WHAT’S ON: August

EISTEDDFOD

Capture.PNGAllison/Henderson Sydney Eisteddfod
Piano Scholarship Final
26 August, 7:30pm
Venue: Recital Hall West, Sydney
Conservatorium of Music
Tickets: $25-$30
Bookings/information: sydneyeisteddfod.com.au

Piano competitions have ranked importantly in the Sydney Eisteddfod program ever since it began in 1933. Many great talents have risen from its stages: Richard Bonynge, Geoffrey Parsons, Roger Woodward, Kathryn Selby and SimonTedeschi among them. The Allison/Henderson Piano Scholarship was established by the late B. M. Henderson in 1982, who wished to discover a promising young pianist of the level required for a professional career. Four finalists, aged 16 to 25 years, will present a complete major work of up to 35 minutes on which they will be judged.

Capture.PNGNSW Drs Orchestra Sydney
Eisteddfod Instrumental
Scholarship Final
19 August, 7:30pm
Venue: Recital Hall West, Sydney
Conservatorium of Music
Tickets: $25-$30
Bookings/information: sydneyeisteddfod.com.au

The NSW Drs Orchestra Sydney Eisteddfod Instrumental Scholarship attracts the finest players from across the nation. The final is always an inspiring occasion that no devotee of classical music should miss. Each of the six finalists, aged between 16 and 25 years, will perform a concert program of major works accompanied by acoustic piano at the Sydney Conservatorium of Music for a total of 20 minutes. The Scholarship itself endeavours to discover and encourage an outstanding instrumentalist in the fields of strings (bowed and plucked), woodwind or brass instruments.

Capture.PNGAustralian Choral Grand Prix
21 August, 2:30pm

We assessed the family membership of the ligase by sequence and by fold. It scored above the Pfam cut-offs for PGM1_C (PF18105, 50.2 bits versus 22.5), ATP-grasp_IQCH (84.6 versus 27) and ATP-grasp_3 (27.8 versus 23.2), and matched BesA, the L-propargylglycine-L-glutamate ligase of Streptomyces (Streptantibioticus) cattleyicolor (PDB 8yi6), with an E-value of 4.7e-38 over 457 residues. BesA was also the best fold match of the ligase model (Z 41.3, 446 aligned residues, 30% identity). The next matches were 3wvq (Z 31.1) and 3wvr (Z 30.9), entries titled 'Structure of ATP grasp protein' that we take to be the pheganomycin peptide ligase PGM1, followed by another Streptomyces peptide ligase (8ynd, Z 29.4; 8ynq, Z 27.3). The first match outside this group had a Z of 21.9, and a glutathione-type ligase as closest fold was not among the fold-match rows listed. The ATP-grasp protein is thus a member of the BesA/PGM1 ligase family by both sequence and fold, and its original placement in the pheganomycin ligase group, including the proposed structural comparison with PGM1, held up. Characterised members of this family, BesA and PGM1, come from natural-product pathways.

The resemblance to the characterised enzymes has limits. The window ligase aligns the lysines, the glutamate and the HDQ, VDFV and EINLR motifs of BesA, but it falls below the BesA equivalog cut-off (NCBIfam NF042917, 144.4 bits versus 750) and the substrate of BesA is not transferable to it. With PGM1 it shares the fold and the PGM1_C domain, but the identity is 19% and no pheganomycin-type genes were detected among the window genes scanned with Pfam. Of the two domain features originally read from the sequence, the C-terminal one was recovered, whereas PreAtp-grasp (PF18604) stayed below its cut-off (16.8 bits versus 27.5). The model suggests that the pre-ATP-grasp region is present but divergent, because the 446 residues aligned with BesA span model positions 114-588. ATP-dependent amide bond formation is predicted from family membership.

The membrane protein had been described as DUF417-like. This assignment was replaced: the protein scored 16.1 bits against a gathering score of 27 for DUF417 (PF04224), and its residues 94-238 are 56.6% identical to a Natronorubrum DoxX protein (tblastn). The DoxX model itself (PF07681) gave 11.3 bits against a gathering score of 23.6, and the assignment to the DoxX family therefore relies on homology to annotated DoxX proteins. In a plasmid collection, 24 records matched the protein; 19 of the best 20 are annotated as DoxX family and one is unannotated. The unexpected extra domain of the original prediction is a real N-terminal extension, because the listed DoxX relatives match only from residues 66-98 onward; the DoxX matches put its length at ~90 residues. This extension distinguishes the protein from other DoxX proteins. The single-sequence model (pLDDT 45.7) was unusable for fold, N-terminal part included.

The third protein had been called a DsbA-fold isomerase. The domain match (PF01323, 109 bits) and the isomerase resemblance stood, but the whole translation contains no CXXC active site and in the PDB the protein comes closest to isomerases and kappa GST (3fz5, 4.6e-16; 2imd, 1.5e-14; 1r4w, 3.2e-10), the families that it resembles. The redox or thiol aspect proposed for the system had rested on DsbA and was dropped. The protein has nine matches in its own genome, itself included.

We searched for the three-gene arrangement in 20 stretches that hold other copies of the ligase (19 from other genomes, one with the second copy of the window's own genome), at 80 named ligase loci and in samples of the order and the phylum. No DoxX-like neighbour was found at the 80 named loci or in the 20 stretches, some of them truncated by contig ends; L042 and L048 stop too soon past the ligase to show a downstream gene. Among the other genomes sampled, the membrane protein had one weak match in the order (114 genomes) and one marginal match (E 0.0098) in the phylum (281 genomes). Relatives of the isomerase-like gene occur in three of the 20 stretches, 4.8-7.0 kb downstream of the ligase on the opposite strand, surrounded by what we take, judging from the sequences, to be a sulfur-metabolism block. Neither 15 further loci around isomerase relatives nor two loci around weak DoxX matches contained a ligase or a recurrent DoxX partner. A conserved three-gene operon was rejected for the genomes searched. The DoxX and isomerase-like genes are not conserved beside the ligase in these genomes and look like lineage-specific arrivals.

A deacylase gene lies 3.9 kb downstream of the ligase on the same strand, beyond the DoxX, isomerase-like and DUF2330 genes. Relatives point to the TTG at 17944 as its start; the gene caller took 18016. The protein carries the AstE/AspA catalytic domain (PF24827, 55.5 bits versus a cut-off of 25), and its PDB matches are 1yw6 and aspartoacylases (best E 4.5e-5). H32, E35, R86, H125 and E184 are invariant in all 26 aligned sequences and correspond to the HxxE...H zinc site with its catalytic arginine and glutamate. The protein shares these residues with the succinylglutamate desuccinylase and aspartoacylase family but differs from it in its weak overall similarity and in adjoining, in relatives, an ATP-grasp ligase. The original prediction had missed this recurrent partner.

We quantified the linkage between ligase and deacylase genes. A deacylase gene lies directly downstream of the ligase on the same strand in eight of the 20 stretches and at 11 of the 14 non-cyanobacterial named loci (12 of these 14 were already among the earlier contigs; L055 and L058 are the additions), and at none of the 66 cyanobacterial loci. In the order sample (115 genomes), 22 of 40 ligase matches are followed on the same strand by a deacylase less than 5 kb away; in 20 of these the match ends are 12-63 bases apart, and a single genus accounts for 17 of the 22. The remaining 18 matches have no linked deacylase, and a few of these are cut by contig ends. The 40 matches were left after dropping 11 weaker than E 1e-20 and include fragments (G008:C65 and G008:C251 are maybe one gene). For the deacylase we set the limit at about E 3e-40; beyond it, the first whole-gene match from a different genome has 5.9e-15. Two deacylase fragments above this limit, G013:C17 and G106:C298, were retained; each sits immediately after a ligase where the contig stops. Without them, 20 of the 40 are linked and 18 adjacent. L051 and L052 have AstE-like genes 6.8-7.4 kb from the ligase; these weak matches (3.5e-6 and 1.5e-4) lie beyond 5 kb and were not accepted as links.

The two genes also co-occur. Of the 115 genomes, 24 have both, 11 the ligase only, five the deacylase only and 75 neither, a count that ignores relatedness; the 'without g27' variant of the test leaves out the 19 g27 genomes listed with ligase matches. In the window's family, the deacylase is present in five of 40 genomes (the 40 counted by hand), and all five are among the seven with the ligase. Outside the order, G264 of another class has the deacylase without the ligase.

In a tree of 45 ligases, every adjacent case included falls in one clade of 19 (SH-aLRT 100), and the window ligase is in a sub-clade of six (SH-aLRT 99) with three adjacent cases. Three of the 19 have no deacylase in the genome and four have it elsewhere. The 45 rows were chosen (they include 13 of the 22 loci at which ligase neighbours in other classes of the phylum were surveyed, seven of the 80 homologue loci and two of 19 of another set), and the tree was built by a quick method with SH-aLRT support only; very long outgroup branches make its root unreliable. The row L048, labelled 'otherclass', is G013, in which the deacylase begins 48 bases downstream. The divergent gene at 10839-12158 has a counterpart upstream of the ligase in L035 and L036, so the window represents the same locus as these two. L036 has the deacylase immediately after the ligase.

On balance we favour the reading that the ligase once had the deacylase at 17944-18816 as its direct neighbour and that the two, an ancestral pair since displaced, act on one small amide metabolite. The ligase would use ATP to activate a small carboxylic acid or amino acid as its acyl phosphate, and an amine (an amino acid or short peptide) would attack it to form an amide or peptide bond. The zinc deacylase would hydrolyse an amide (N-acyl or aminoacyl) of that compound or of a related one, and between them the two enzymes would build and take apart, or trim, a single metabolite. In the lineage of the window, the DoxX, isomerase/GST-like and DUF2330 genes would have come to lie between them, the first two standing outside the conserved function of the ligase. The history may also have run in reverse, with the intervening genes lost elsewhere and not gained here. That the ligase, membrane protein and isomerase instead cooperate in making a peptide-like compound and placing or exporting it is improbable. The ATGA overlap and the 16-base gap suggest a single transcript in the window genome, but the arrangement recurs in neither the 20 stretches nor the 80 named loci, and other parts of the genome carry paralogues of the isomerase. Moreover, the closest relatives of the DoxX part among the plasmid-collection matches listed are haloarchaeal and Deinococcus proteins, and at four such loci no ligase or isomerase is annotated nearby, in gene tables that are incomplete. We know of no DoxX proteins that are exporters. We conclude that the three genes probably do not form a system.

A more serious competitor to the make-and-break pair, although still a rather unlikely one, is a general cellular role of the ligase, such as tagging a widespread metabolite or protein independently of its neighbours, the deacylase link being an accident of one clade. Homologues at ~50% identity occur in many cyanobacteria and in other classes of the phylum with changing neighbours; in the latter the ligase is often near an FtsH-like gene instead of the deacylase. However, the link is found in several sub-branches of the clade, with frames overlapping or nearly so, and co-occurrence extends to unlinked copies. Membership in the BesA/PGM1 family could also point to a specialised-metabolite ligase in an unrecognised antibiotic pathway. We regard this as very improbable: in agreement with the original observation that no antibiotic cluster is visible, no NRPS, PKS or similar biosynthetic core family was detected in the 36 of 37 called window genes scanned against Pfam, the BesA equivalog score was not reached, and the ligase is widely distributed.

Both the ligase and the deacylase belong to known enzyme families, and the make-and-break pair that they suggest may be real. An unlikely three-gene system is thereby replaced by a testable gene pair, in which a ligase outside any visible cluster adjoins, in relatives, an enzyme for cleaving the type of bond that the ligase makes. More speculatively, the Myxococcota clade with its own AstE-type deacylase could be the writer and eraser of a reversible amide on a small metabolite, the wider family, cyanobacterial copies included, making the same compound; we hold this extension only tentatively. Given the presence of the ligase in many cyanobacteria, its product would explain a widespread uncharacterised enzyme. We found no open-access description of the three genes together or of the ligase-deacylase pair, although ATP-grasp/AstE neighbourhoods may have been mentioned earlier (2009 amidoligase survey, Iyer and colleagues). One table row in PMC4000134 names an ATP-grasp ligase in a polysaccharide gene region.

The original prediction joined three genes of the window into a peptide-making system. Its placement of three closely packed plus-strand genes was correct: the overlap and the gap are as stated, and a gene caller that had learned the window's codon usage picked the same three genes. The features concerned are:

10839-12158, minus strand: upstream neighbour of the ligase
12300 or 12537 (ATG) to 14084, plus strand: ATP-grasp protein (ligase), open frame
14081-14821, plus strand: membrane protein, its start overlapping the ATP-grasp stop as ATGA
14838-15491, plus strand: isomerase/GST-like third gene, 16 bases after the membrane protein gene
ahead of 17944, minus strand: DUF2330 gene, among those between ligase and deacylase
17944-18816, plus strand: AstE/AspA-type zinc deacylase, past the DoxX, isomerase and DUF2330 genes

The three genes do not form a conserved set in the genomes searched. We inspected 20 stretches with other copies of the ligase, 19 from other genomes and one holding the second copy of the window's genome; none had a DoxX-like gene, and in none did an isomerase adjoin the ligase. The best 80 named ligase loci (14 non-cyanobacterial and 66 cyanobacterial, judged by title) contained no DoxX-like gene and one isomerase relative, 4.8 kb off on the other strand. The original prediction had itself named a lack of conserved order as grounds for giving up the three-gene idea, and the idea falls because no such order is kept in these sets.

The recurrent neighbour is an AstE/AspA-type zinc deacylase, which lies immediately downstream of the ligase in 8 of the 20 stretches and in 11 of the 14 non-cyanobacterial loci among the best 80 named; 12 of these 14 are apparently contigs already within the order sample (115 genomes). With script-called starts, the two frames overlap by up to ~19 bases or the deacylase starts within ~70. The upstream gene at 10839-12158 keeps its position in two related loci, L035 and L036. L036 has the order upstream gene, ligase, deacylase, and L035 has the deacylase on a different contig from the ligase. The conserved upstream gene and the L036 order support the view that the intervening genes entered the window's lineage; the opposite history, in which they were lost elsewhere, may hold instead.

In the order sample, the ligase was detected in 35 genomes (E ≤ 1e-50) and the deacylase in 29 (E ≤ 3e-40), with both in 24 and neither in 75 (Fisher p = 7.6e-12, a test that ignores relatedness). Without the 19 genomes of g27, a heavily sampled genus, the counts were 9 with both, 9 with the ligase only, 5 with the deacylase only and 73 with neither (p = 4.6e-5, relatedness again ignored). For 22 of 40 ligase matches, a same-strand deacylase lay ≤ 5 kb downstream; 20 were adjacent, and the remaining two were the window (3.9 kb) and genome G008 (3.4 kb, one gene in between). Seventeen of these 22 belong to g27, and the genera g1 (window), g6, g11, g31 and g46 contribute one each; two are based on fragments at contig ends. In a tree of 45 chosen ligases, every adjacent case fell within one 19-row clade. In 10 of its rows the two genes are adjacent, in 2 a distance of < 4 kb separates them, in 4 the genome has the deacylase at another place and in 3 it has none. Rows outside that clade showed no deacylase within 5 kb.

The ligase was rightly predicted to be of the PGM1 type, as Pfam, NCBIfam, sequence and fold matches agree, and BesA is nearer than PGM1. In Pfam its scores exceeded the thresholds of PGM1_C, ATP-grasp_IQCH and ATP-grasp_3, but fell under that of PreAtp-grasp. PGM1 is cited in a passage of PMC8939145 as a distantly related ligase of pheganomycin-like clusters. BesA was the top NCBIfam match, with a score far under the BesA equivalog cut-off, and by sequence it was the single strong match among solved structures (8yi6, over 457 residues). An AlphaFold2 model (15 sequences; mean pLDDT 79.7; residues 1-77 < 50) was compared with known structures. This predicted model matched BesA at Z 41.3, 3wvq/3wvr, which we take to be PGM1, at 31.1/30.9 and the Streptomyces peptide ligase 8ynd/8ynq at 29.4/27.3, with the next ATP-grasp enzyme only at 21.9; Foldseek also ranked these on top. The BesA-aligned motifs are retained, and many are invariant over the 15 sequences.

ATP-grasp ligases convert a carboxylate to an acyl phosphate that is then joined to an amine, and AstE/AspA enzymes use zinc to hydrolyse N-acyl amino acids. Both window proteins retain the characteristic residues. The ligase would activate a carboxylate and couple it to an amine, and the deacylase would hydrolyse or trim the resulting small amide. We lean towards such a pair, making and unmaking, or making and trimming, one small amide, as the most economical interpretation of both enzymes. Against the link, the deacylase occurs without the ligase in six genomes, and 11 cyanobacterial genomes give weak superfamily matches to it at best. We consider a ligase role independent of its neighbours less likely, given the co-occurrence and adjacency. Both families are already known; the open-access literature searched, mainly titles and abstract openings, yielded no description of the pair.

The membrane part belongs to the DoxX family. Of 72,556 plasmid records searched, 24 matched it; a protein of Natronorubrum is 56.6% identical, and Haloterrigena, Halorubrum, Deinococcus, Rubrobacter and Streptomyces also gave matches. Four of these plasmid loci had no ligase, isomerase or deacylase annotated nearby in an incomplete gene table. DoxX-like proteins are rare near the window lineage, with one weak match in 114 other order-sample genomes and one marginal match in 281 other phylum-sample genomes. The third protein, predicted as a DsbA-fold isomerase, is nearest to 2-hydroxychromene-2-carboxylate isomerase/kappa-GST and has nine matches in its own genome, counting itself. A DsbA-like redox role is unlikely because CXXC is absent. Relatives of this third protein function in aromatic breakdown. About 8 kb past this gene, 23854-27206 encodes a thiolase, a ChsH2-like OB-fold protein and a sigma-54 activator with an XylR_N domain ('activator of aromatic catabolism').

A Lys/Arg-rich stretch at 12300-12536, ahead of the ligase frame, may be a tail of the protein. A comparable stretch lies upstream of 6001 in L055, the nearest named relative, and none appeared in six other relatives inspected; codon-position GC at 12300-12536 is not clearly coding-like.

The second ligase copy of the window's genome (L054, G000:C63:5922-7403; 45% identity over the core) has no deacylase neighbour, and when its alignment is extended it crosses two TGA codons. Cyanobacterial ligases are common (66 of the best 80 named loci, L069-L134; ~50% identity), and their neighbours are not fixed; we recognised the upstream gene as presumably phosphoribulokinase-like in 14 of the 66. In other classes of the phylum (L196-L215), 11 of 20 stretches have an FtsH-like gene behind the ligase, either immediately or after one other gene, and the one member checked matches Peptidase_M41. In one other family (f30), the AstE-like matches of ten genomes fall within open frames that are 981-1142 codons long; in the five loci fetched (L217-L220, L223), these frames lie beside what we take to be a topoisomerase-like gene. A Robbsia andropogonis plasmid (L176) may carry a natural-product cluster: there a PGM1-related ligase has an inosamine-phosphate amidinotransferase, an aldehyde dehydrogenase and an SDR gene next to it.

Venue: New Hall,
Sydney Grammar School
Tickets: $33-$99
Bookings/information: sydneyeisteddfod.com.au

First presented to audiences back in 2013, the Australian Choral Grand Prix is one of the most diverse and engaging events held annually by Sydney Eisteddfod. Hosted this year by the Andrew O’Keefe, audiences can delight in this amazing showcase of some of Australia’s best choral performers, as choirs compete for top honours in both the People’s Choice and Jury Vote categories. Finalists will present a program that includes a work by an Australian composer or arranger. AlI finalists are strongly encouraged to give thought to choralography and entertainment aspects in their chosen program. The event will be recorded by Fine Music.

ORCHESTRAL

Capture.PNGLeonskaja & Mozart
Elisabeth Leonskaja, Piano
Roman Simović, Guest Leader
Australian Chamber Orchestra
26 Aug 1.30pm; 30 Aug 8pm;
31 Aug 7pm; 3 Sep 7pm
Venue: City Recital Hall
Tickets: $54-$149
Bookings: aco.com.au/leonskaja or 1800 444 444 

This is the Australian debut of the grand dame of the piano, Elisabeth Leonskaja, featuring music by Strauss, Mozart and Beethoven. Leonskaja has a distinguished reputation as a pianist who interprets with warmth, sensitivity and formidable technical facility. Her profound performances of core repertoire and dedication to music’s heritage place her firmly in the tradition of Russian greats, such as her mentor Sviatoslav Richter. Here Leonskaja plays Mozart’s Jeunehomme Piano Concerto, perhaps his first genuine masterpiece, a bold and elegant work that sparkles with wit and vigour, yet also evokes heartbreaking anguish with the first minor key slow movement he ever composed. Beethoven’s Op.127 quartet, the first of his late quartets, was written at the same time as his Ninth Symphony, and shares much of its sublime gravity, yet there’s delicacy and intimacy too in this transformative work. A perfect conclusion to an exquisite concert, guest directed by Roman Simović, concertmaster of the London Symphony Orchestra.

ENSEMBLE

Capture.PNGElgar’s Cello Concerto
Omega Ensemble with guest artist
Teije Hylkema
5 September 7:30pm
Venue: City Recital Hall
Tickets: $29-$94
Bookings: cityrecitalhall.com or 8256 2222
Information: omegaensemble.com.au 

In 1919, in the aftermath of the Great War and as Elgar’s health began to fail, the composer poured his feelings into this haunting lament for a lost world. Poignant and restrained, the Cello Concerto is interpreted with maturity by Dutch cellist Teije Hylkema. The Concerto is set against the assured sophistication of fellow Englishman Benjamin Britten’s Sinfonietta, a work that belies the age of its creator – for Britten was just 18 when it was composed. Mozart’s Fantasia in F minor showcases Omega Ensemble’s musical precision, while contemporary works by French composer Guillaume Connesson and Australia’s own Mark Grandison are delivered with characteristic flair.

CHORAL

Capture.PNGSaxon Baroque